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Taste and fear of structured learning

The_ScreamMost of my learning over the past quite a few years has been through on-line interaction with fellow travellers on this road through life, well, that or frantically scanning “help” files to find the magic bullet that will solve my problem.

I guess the big difference between the two is that in that latter case, I am all too conscious of the specific learning need and simply want a solution that will meet that need from the procedural “How do I …?” or “Where do I …?” Google searches are similarly focused – “Where can I find information about … ?”

In the case of interaction with colleagues the learning can be a bit more fluid. “I wonder if she can give me a few insights into the best ways to use …?” That sort of thing.

In most cases, the learning objective is pretty clear and self-defined and yet the learning process is correspondingly informal and even random.

I’m about to start (today) on a learning process for which I have no specific objectives other than to see what I learn and to make the most of what comes out of it. That’s a pretty informal objective. There are many who would argue that it is not really an objective at all, (not at all SMART) – more a general aim. Informal as that aim may be, the learning process will be the most structured that I have undertaken in quite a while.

Stephen Downes and George Siemens (see blogroll) are leading a course Connectivism and Connective Knowledge which is described as massive, open and on-line which will run for the next twelve weeks with possibly a couple of thousand participants around the world.

Although I actively promote connective learning and knowledge through the use of tools such as Moodle, the prospect of such a potentially huge undertaking is a somewhat daunting. For one thing, I am not at all sure that I will be able to find the time to do the process justice. I am incredibly busy this year and have a mass of deadlines stacking up in the period leading to the end of the year. My podcast (Suffolk and Cool) is taking off and demanding more of my time to deal with increased connections with musicians and listeners. The course introduction makes it clear that I should expect the programme to be confusing and overwhelming because more material and connections will be offered than I can realistically hope to keep up with. But that is precisely the challenge of much on-line learning today. The “drinking from the fire-hose” analogy may be overused, but that is because it is very effective in describing the sheer volume of good information that is available. Learning to cope with both confusion and being overwhelmed sounds very useful.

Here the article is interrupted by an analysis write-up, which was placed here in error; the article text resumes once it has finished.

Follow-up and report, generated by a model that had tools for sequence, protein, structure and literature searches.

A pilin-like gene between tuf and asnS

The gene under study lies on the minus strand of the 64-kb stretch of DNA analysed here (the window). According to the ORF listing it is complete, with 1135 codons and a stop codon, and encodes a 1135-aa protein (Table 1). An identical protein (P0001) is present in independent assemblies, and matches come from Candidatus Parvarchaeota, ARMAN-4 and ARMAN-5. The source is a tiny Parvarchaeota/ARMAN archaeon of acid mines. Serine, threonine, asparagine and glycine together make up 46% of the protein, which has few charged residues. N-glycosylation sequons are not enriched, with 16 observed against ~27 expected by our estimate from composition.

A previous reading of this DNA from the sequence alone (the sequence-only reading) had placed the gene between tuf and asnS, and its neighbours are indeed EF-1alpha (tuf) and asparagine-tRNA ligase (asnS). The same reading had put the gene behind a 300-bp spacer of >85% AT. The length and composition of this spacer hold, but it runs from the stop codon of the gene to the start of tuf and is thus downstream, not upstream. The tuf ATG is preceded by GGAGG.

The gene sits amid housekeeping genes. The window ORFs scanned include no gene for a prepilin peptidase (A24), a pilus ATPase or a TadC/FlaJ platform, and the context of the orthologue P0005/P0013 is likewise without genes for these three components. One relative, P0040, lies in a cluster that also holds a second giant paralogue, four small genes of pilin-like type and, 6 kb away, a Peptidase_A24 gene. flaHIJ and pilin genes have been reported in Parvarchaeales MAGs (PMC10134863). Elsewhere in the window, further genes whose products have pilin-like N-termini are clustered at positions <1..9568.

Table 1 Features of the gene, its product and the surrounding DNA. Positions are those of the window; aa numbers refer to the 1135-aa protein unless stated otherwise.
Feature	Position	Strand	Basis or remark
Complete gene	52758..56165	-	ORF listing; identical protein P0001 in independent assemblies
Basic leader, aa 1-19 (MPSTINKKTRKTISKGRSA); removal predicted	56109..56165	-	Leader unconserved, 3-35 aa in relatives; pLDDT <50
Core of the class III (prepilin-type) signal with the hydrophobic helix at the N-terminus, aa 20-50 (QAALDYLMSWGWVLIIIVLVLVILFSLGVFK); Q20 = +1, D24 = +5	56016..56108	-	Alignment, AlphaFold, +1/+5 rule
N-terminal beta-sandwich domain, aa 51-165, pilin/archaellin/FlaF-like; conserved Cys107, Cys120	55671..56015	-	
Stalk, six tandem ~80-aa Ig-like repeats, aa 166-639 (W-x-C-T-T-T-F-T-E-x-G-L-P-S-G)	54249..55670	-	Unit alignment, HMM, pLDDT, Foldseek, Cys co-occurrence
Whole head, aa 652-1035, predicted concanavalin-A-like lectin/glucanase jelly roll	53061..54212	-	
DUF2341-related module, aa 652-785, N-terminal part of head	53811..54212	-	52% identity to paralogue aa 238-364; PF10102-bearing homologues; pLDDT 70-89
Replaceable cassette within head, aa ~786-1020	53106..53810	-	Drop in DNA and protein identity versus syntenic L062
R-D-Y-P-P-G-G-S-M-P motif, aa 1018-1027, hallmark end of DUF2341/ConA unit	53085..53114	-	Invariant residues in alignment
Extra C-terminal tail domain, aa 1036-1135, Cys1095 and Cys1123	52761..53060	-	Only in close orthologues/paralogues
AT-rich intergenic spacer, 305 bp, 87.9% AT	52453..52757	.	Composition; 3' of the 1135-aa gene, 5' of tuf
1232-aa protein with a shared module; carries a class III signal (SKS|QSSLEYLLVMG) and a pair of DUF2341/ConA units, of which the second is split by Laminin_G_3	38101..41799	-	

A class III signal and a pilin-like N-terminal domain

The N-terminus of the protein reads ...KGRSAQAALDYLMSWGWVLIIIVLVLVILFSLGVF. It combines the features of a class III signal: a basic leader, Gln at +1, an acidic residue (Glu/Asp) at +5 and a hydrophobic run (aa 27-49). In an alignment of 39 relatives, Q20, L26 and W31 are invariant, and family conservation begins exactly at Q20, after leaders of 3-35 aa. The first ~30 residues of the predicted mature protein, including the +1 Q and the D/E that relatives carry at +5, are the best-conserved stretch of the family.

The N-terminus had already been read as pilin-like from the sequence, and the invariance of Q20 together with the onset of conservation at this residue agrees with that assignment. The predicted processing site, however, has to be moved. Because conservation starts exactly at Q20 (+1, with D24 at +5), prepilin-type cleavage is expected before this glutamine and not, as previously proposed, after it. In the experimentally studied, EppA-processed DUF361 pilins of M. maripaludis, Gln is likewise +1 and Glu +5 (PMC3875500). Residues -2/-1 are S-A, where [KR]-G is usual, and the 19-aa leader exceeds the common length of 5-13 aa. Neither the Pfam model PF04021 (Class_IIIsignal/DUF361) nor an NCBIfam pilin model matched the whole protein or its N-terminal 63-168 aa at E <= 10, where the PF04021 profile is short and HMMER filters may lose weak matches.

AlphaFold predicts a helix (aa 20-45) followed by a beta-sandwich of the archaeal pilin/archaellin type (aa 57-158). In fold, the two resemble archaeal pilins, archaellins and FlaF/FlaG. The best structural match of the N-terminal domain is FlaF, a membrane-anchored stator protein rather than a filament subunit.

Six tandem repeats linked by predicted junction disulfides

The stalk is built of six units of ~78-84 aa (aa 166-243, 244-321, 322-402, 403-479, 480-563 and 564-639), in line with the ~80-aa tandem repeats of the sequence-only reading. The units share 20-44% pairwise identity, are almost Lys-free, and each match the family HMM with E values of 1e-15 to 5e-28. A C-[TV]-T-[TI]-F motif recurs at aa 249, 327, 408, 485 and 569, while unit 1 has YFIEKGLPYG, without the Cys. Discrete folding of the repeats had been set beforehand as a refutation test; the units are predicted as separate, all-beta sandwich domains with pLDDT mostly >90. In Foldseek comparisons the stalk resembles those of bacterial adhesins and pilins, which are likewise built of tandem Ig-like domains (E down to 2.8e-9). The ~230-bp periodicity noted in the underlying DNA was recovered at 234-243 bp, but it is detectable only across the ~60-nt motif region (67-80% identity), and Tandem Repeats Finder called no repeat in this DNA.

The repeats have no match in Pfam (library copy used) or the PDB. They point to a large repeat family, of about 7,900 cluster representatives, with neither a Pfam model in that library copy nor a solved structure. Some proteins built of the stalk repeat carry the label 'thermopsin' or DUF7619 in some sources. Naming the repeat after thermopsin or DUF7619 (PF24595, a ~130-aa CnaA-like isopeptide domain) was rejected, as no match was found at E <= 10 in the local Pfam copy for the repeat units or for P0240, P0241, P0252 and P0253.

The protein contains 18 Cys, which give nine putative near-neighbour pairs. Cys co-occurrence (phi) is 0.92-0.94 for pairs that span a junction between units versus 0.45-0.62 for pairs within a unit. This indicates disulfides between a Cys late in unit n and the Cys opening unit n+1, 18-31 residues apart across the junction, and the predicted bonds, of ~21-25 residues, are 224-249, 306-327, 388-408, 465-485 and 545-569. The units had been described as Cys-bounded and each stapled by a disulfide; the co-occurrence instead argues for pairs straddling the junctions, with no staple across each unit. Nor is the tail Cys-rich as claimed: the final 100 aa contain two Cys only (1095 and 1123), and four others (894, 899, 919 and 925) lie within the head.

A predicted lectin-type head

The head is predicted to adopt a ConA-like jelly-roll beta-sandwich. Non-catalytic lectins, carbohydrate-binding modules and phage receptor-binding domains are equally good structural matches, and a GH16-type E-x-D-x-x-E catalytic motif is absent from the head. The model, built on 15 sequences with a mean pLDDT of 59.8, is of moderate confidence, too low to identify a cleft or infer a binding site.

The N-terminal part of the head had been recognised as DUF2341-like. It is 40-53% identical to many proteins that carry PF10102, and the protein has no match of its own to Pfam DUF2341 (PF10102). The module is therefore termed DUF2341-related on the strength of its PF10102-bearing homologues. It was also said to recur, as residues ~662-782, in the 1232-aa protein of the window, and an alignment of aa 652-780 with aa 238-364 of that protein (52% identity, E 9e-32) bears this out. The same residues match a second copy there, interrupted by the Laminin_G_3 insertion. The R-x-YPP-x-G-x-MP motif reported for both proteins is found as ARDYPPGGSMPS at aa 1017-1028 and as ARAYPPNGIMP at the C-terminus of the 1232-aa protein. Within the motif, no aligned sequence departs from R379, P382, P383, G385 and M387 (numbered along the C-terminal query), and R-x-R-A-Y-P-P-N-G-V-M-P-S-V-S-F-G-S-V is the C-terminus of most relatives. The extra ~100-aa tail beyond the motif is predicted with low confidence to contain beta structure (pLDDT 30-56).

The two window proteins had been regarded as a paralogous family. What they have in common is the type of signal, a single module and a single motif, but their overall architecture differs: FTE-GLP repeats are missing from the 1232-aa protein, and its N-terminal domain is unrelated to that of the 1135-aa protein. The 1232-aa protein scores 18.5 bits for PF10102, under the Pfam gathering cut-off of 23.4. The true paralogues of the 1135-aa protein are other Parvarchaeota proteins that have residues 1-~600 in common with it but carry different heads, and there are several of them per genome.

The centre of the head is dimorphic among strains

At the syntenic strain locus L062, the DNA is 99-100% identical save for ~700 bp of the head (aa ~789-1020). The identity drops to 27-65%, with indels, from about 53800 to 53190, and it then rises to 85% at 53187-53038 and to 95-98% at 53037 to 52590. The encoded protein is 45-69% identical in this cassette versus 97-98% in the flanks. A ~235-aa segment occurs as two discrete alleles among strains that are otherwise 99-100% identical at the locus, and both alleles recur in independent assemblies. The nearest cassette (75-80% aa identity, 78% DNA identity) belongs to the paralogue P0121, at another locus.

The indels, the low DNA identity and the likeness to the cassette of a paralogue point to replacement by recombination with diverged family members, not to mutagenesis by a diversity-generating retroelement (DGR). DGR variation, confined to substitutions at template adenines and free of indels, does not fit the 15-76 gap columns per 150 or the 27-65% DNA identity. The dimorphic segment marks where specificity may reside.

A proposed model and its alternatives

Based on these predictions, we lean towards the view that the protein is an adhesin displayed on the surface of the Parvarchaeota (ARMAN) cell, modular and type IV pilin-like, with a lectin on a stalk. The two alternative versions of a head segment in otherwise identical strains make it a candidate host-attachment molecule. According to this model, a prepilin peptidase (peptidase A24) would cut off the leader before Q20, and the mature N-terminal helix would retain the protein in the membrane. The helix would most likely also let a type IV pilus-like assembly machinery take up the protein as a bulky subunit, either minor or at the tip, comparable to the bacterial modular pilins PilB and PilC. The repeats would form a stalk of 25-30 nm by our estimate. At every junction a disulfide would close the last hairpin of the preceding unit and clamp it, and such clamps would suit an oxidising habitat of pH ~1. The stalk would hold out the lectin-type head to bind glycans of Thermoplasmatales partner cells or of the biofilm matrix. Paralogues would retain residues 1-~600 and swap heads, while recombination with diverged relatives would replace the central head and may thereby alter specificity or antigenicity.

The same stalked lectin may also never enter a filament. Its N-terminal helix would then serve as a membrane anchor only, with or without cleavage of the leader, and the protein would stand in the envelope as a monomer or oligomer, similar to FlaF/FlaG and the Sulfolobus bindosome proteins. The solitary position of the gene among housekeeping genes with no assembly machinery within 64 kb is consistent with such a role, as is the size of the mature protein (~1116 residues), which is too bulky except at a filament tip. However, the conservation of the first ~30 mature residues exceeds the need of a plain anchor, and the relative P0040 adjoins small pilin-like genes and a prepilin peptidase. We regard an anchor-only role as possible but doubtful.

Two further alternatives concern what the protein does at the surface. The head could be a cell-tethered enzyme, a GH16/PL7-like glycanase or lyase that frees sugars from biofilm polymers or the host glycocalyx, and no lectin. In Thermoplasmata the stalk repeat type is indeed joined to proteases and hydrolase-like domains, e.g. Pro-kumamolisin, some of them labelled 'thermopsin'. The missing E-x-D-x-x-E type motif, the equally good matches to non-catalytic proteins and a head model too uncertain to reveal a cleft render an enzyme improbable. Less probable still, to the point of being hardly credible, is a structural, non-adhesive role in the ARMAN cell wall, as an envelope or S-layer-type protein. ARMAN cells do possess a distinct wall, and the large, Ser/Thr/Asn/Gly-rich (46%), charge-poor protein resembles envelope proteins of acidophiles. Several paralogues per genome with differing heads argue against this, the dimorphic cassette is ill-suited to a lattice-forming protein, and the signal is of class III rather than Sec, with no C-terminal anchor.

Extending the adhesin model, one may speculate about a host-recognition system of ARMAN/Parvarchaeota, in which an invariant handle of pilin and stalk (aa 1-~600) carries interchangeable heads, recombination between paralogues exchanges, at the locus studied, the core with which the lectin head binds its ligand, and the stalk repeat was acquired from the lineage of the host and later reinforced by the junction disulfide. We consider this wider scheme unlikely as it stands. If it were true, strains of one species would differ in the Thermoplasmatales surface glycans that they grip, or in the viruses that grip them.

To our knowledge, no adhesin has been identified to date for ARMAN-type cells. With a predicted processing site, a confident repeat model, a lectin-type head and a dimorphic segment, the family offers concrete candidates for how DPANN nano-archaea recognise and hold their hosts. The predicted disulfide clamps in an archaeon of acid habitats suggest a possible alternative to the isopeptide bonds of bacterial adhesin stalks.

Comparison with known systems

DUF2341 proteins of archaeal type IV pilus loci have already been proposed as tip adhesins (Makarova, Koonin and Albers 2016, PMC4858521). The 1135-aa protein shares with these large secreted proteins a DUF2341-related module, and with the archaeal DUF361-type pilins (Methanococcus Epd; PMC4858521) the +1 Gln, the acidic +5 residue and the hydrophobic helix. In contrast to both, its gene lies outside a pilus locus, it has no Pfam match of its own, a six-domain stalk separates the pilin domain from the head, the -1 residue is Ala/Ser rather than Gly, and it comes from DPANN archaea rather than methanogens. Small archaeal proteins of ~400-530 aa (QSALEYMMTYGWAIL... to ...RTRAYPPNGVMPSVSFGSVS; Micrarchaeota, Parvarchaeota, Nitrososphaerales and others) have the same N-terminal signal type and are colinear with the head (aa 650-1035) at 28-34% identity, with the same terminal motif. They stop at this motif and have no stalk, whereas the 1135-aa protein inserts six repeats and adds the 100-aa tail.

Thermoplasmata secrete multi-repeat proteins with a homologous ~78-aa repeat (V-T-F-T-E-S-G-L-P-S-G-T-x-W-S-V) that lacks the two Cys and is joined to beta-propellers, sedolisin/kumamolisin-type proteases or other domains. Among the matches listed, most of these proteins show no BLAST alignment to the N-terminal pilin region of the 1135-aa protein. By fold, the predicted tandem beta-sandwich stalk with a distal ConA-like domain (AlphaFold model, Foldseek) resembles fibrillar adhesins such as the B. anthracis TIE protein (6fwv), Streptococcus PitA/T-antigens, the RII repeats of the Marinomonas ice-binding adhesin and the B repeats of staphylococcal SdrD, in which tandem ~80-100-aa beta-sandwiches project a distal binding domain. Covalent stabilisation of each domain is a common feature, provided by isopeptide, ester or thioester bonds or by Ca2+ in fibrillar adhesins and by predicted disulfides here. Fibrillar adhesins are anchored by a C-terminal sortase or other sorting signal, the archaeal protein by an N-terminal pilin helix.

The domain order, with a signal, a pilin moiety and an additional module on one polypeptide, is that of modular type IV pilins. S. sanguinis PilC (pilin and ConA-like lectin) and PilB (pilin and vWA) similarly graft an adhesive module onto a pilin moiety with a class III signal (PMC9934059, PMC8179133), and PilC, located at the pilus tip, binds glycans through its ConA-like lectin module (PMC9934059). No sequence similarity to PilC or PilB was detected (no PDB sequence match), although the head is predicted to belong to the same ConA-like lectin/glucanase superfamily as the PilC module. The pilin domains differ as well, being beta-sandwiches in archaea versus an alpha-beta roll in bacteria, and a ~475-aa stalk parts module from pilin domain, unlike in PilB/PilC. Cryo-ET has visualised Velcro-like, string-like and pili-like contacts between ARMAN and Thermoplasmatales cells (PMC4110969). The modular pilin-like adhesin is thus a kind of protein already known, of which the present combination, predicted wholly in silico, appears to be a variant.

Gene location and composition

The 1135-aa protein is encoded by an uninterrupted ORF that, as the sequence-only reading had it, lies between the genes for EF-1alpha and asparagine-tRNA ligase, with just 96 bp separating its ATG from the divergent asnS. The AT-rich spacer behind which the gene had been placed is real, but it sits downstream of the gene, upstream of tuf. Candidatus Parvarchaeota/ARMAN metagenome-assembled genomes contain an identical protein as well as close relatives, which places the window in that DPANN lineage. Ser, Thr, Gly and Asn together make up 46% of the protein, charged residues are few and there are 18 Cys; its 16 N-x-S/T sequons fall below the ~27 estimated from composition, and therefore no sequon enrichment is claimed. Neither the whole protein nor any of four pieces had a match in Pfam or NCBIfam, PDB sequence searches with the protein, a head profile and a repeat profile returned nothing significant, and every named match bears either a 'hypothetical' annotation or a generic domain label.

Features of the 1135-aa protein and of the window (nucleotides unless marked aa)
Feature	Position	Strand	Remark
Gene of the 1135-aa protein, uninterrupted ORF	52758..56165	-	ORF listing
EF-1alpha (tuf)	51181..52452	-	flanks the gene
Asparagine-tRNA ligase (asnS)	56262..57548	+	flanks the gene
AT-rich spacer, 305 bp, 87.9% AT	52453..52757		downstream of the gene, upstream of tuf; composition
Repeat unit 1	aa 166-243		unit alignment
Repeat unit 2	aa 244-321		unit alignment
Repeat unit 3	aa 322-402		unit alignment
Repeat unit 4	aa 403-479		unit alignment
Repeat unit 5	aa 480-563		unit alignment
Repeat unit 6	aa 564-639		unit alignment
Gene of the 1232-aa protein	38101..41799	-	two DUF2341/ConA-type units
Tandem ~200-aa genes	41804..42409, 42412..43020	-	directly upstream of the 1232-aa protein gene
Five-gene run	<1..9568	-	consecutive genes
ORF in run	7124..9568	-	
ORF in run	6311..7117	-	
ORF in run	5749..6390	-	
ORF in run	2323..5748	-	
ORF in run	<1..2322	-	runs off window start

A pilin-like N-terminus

OK, so there’s learning objective number one:

to become more capable and confident in selecting just the most valuable items and streams to work with, to become discerning and able to identify those which best suit my needs and stylistic preferences. The objective is learning, not a sense of achievement from having read all the words.

I have been following Stephen and George at varying distances for at least a couple of years and have huge admiration for their thinking and articulation of the ideas they develop. They are among my most trusted sources. That bit is easy, I know I want to engage with what they have to say, because I know it will offer an excellent return on my investment of time. But Stephen and George are “only” the leaders of this course. Interaction will primarily be with others.

But what about the other participants in the course? I don’t yet know who they are, what they have to say, how open they are to exploring issues that most of us don’t yet have our heads around. I fear that most may be from a purely academic background, concerned with learning as an end in itself, whereas my history is in applied, work-based learning where the learning is only the starting point to developing understanding, fluency and mastery of skills. So maybe there’s objective number two:

to be open to connective working with people from apparently incompatible backgrounds, to monitor the productiveness of that working and to be prepared to cut the losses if it isn’t delivering what I need. “A proper selfishness.”

I know that I will be tempted to branch off into all sorts of interesting areas and discussions because that is what the best of learning really is, taking delight in wandering off the most direct path to explore the twists and potential of the by-ways, to make the connections with fellow participants as real as possible, to develop empathy, understanding and friendship. That is where the real buzz is but it may not be totally compatible with efficient learning. Uncomfortable as it may be, I may have to make that my third objective:

to maintain focus on the content of the course rather than exploring all the fascinating branches that connecting with people offers.

I suppose that leads, via a fairly circuitous route to a final and most challenging objective which is:

to ensure that by the end of the twelve weeks, I am keeping my head above water on the course and that I am learning about the processes and mechanisms of connectivism and connective knowledge through their practical application

At this stage, I am uncertain about how well equipped I am to “stay the course” but I’m sure that if I can do so, the rewards will be significant. Now where’s that reading list …

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